A busy summer for the EU’s Horizon 2020 scheme Image: Jeremy Vandel As the summer reaches its height, many will be looking forwards to holidays, or at least the promise...
What agricultural problems do Africa and Europe have in common? Jenny Wilson examines an ambitious cross-continental collaborative project.
Members of the HLPD Bureau and expert group at a recent meeting in Addis Ababa, Ethiopia. (Image: Kediija Seid)
There’s a really exciting initiative that UKCDS (UK Collaborative on Development Sciences) has been involved in that aims to produce a step-change in the funding, and consequent research, available for EU-Africa scientific collaboration.
The EU-Africa High Level Policy Dialogue on Science, Technology and Innovation (EU-Africa HLPD) is an initiative that aims to align scientific strategic priorities between Europe and Africa, and implement joint activities.
I would empathise with anyone who felt that the current funding landscape could be described as piecemeal: implemented on a country-by-country basis. I could also agree that there has been a high volume of ‘developed countries’ funding programmes that scientists from ‘developing’ countries can get involved in. However, without undermining what these previous approaches have achieved, I think the EU-Africa HLPD initiative represents a new era for collaborative science, designed and funded by both continents.
As a potted history, the last ministerial HLPD meeting was held in Brussels in November 2013. At this meeting it was decided that there were shared priorities in the fields of (no pun intended!) sustainable agriculture, and food and nutrition security. It then came to the Bureau (the HLPD operational working group) to design and implement how the two continents could work together to advance.
So where have we got to so far? A panel of 10 experts convened to pinpoint what the precise opportunities are within the overarching theme. They have sought out topics that would provide significant added value in terms of filling research gaps, and addressing issues at an intercontinental level in the sub-themes of:
– Sustainable intensification: developing more efficient crops that produce more with the same amount of inputs.
– Agriculture and food systems for nutrition: how can the foods we eat be healthier and meet everyone’s nutritional needs as seen in programmes like the golden rice project.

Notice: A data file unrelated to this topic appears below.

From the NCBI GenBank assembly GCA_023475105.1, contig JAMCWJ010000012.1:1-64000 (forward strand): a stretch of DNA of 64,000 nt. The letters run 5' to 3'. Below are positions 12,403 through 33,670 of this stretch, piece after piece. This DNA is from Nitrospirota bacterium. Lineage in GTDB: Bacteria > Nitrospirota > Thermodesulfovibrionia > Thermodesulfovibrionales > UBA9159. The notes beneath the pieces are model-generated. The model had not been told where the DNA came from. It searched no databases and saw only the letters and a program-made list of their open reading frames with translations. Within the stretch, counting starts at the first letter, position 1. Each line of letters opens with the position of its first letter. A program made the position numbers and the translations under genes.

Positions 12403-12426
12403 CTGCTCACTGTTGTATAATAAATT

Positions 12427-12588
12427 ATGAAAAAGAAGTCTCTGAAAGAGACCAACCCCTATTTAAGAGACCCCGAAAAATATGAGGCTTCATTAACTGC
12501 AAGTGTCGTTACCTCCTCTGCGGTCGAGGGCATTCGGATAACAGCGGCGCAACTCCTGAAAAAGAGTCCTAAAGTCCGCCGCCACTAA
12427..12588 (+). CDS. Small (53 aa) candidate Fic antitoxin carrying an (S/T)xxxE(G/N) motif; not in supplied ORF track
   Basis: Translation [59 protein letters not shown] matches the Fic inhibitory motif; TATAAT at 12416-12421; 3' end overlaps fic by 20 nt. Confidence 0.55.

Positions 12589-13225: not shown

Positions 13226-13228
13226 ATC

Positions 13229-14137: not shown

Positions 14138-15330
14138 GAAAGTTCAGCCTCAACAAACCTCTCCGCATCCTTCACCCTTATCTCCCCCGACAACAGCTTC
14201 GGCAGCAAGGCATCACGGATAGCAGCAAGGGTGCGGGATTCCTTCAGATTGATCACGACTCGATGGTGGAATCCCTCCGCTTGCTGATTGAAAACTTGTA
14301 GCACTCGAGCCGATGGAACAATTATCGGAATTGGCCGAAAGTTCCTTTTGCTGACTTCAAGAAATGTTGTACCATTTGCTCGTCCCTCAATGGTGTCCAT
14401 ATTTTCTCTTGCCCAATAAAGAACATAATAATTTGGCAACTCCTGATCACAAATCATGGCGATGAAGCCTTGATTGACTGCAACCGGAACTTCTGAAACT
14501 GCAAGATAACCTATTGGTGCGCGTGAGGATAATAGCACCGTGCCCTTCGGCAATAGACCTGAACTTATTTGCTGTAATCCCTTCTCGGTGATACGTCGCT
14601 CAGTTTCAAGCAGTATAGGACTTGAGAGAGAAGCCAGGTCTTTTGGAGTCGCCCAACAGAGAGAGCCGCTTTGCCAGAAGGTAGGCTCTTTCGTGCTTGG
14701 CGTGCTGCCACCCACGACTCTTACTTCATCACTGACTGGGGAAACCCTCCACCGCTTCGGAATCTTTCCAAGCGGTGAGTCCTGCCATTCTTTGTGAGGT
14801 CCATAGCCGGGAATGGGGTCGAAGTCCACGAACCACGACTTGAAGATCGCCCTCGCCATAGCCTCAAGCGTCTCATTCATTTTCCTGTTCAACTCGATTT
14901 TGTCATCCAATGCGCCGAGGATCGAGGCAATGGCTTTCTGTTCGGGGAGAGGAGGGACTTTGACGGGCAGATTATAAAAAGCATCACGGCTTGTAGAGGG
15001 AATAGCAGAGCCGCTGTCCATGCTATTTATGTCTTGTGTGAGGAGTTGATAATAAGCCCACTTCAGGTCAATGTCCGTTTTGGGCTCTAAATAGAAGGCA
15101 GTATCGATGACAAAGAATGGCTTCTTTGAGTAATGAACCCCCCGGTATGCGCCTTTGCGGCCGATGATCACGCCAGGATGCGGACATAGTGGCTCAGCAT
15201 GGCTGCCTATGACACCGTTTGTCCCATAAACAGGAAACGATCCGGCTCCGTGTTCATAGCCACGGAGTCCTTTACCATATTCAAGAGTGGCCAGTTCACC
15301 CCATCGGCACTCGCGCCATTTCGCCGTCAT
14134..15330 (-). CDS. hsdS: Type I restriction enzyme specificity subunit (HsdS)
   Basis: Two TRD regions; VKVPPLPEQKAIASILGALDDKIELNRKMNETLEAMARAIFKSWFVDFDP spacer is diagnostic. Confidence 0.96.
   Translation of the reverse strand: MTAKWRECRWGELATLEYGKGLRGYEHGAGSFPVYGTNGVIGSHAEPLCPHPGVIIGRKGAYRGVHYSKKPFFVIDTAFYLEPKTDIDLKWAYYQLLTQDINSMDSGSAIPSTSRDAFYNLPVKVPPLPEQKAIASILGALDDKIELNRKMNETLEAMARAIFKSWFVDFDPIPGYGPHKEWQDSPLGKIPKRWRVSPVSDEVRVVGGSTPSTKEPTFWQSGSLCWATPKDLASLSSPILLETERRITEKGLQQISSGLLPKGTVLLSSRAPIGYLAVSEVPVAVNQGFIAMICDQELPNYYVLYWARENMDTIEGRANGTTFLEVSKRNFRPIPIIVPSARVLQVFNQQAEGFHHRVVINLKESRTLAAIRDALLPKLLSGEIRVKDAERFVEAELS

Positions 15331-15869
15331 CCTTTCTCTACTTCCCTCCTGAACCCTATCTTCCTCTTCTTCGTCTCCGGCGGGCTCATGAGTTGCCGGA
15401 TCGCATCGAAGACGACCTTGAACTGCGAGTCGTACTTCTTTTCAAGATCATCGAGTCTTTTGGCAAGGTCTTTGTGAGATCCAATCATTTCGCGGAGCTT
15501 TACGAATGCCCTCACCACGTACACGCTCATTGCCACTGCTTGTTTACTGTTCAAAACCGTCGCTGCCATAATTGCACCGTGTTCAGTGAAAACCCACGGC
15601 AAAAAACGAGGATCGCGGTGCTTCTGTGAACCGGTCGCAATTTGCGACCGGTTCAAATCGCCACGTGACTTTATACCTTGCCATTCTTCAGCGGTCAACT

– Expansion and improvement of agricultural markets and trade: what financial practices can be inclusive, fair and beneficial for everyone.
Underpinning these, there would be the cross-cutting themes of innovation, capacity strengthening and partnership and governance adaptation.
The project roadmap that details the precise challenges will be going out for consultation in January to stakeholders across the agricultural value chain from farm to fork. Included in the roadmap are suggestions of the types of funding mechanisms that might be able to facilitate cross-continental collaborative working, such as a model comparable to the ERAfrica programme.
Problems to solve
Personally, I’ve learnt a lot from the process. For instance, some may wonder how nutrition could be a topic of mutual interest to both continents, but as our experts pointed out, poor nutrition can come in the form of under and over nutrition, resulting in a spectrum of conditions from kwashiorkor to obesity.
I also hadn’t realised that Africa is supposedly home to 60% of the world’s uncultivated arable land. It does raise a question of just because it can be cultivated, should it be? Sustainable intensification of land already in use presents an enticing challenge in giving farmers a greater range of options for how to produce more.
The EU-Africa initiative values the expertise from both continents equally (Image: CYMMIT)
Trade wasn’t something that sprung to my mind when I thought of the headline title, but it’s something that I’ve grown to appreciate as an essential component. Certainly, as the world’s economies become increasingly intertwined and interdependent, there will be a need to rethink how basic commodities are exchanged. After all, stable, affordable food prices are a key component of making agriculture sustainable and secure.
We’re now working towards September 2015 when the ministerial HPLD will meet again in Addis Ababa, Ethiopia to agree the details. From there I hope it’ll be an exciting flurry of new collaborative research, another step along the road to a bright future of excellent science partnerships between Africa and Europe.
This blog also appears on the Global Food Security website.